be either an integration like MailChimp but I’m not a fan of the forms that you can
integrate via MailChimp at all – they are really hard to get looking nice. There’s also MailerLite which I am playing with at the
moment. That one may well be a good option to use and, like Mailchimp, it links straight
up to your newsletter or your CRM (Customer Relationship Management) software for
sending out newsletters, for collecting subscribers and all the rest of it. So
watch this space I’ll let you know how I go with MailerLite. So far I
really like it but Contact Form 7 is normally the plugin you find is pre-installed
with your theme. Rightly or wrongly it’s what people generally use. That’s not to say
it’s the best. Then you normally have a caching plugin. What this does, is for anyone that visits
your site certain resources are retained in
your browser. Thus, when you revisit the site, the static elements
are retained in your browser cache history and don’t have to be re-loaded from scratch, meaning a faster page loading
time. So it really is a must for visitors of the
site But you also need to be aware that when you
use a caching plugin, and you make edits to your site, those edits may not display until
you clear your browser cache. So you really need to be either deactivating your Caching plug-in
while you’re building your site or be aware and flush your browser cache. And with the Litespeed Cache plugin I have
installed here, you can do that with this. particular one This particular caching plugin works best
with the web hosting environment that this particular site is using. But you can
go in here and click “purge all” and that will clear the cache. And what you see is what
you have in live time rather than a historical view of things. So hopefully that makes sense Ignore this one as it is purely there
if you want people to be able to log into a particular site using Social
Networks like Facebook or Google. I probably won’t use this plugin on this particular
site so I’ll delete it. Now, we’ve talked about UpdraftPlus in the
sense that it was corrupted and we went through a process
of reinstalling it but we haven’t actually discussed the functionality of this plugin. UpdraftPlus is a backup plug-in and it’s
really good because you can set the plug-in to take backups automatically as
often as you like. Just be aware that if you are backing up to your web host servers,
you could fill up your allocated storage space very quickly. So what UpdraftPlus does is it gives you
the option to backup to Amazon, Dropbox, Google Drive, Rackspace and some other
ones as well. And that would be a much better option than storing your backups on
your server. And obviously backing up your site is essential. We can ignore
site is essential infants this White-Label CMS – that’s very specific to these demo sites. WooCommerce is an absolute must if you are planning on having an online store, or
selling digital or downloadable products. We can ignore Woocommerce Sidebars which simply adds extra functionality but
I certainly wouldn’t class that as an essential plugin. I would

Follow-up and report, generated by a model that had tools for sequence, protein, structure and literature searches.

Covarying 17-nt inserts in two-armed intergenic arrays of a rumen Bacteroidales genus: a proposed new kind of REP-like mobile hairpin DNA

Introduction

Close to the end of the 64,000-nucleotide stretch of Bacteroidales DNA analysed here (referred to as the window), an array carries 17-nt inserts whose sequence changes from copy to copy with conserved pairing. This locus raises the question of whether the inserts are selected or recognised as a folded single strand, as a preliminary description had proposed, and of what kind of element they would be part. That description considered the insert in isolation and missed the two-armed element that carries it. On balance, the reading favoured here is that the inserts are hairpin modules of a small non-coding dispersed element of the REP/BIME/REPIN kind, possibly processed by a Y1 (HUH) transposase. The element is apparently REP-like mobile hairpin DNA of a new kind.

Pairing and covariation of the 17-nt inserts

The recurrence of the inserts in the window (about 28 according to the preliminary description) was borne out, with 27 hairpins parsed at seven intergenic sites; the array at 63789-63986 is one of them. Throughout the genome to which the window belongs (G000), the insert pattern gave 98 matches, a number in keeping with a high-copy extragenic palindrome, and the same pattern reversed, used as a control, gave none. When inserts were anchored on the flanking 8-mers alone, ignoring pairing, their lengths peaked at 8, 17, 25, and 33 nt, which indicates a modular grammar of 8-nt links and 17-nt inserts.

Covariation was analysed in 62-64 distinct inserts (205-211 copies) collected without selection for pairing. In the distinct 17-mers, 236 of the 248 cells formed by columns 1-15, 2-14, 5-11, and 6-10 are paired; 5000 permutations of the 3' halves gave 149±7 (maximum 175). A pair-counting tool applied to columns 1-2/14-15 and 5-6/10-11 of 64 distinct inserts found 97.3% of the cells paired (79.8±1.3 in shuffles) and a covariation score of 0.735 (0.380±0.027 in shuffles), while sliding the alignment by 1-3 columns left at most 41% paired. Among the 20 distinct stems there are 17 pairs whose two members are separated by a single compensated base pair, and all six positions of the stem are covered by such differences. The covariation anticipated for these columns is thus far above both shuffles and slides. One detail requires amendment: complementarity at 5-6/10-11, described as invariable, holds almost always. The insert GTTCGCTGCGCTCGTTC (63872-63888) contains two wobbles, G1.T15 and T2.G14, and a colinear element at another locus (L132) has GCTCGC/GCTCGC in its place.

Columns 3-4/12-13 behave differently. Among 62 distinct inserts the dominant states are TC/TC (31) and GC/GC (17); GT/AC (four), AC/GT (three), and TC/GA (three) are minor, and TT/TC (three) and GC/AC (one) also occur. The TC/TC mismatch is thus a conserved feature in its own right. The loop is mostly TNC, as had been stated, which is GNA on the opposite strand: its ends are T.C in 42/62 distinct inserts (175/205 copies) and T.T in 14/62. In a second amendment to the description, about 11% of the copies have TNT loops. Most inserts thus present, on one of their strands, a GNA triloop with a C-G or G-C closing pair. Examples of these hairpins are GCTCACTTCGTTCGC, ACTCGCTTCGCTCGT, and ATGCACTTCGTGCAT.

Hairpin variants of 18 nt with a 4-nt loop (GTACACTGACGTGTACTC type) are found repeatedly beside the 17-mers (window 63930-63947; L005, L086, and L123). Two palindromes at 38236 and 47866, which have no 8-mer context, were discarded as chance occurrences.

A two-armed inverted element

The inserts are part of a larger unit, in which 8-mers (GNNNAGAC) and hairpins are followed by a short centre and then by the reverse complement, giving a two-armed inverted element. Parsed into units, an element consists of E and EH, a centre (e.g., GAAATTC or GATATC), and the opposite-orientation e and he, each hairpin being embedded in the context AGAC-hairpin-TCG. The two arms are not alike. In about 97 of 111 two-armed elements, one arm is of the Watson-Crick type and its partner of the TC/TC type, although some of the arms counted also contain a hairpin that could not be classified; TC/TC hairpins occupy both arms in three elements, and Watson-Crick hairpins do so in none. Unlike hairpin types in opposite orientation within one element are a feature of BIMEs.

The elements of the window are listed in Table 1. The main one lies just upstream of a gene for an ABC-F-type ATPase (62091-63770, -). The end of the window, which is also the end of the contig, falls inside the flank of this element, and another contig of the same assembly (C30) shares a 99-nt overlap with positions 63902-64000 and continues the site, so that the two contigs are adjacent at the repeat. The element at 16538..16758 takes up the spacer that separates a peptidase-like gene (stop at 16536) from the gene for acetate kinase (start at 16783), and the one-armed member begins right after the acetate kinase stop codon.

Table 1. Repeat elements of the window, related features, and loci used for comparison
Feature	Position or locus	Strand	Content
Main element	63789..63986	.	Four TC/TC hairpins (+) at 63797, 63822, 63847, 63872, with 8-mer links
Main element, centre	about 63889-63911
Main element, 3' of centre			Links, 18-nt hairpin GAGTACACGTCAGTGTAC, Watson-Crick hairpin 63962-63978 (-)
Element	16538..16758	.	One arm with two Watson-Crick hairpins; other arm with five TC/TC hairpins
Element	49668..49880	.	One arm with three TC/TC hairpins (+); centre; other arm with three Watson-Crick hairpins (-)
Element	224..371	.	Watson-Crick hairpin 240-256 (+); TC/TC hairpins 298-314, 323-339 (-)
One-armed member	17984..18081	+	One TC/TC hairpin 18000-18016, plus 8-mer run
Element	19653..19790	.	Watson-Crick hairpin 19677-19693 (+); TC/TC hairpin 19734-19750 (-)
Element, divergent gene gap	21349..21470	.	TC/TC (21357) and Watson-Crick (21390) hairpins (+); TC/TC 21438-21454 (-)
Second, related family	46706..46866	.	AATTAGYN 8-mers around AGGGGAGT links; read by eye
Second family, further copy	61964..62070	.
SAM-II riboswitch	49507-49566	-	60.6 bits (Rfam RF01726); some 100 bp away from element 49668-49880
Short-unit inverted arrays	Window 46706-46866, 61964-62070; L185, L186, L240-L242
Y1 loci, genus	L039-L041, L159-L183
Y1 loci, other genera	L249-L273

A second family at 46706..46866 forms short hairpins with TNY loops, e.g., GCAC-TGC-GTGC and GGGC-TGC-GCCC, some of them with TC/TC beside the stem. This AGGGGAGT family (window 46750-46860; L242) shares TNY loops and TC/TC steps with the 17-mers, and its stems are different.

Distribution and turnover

class WordFence as essential. And I’ve used lots of different ones and that one
is definitely my favourite. It’s basically an antivirus, firewall and malware
scanner and plug-in which you need for the security of your site. It can take a little bit of configuration
depending on the hosting environment but normally there are step by step instructions
to show you how to achieve that pretty easily. The only other one that I
always install as standard is WPS Hide Your Logon. The reason for that is that
your static standard login to get to the back end here is what you can see here
which is the site name and then wp-admin. So, by hiding this it stops bots and
hackers being able to try and get into your site because they can no longer
assume that it’s going to be the usual wp-admin in the URL in order to log
into your site. So that’s why that one is there and this particular plugin enables
you to pick whatever you like. So it might be “Sharon is awesome”. In this case, you’d gain admin access by using the url
be demo site doc k + WQ awesome. And no one’s
going to pick that one unless you announce it on a live! it’s not one I’m
using – it’s one I’ve just made up but it’s a way of preventing the bots and hackers from getting into your site. So it’s a really good plugin to have. I did have a
situation where I didn’t have this particular plugin installed and as a
consequence I had someone constantly trying to get into my site, and to cut a long story short what it did was completely exhaust all of
my credits for my current customer relations management software. So I had to install this particular plugin on my site and
then that stopped any more hacks. So that is a quick rundown of all the plugins that I would
recommend as standard on every website. You will have others as well depending
on the functionality extensions that are required but those are your absolute
minimum. Just one more word of caution. Just remember that the more plugins you have the more you’re draining your resources and you will slow down your
site and also risk compatibility issues. And it can affect how other plugins interact as well as your website’s overall performance. I have to say I really hope that next week when I go live again I
see some of you and can have a little bit of a dialogue because that is so
much better for everybody. If you’re watching this on the replay
thank you so much for tuning in and if you have any comments please leave those in the comment box below. I will be repurposing this content and sending it
out in various different forms so watch the space. I will sign out now, thanks so
much to everybody who watched and I will see you again next week. See you
later bye bye!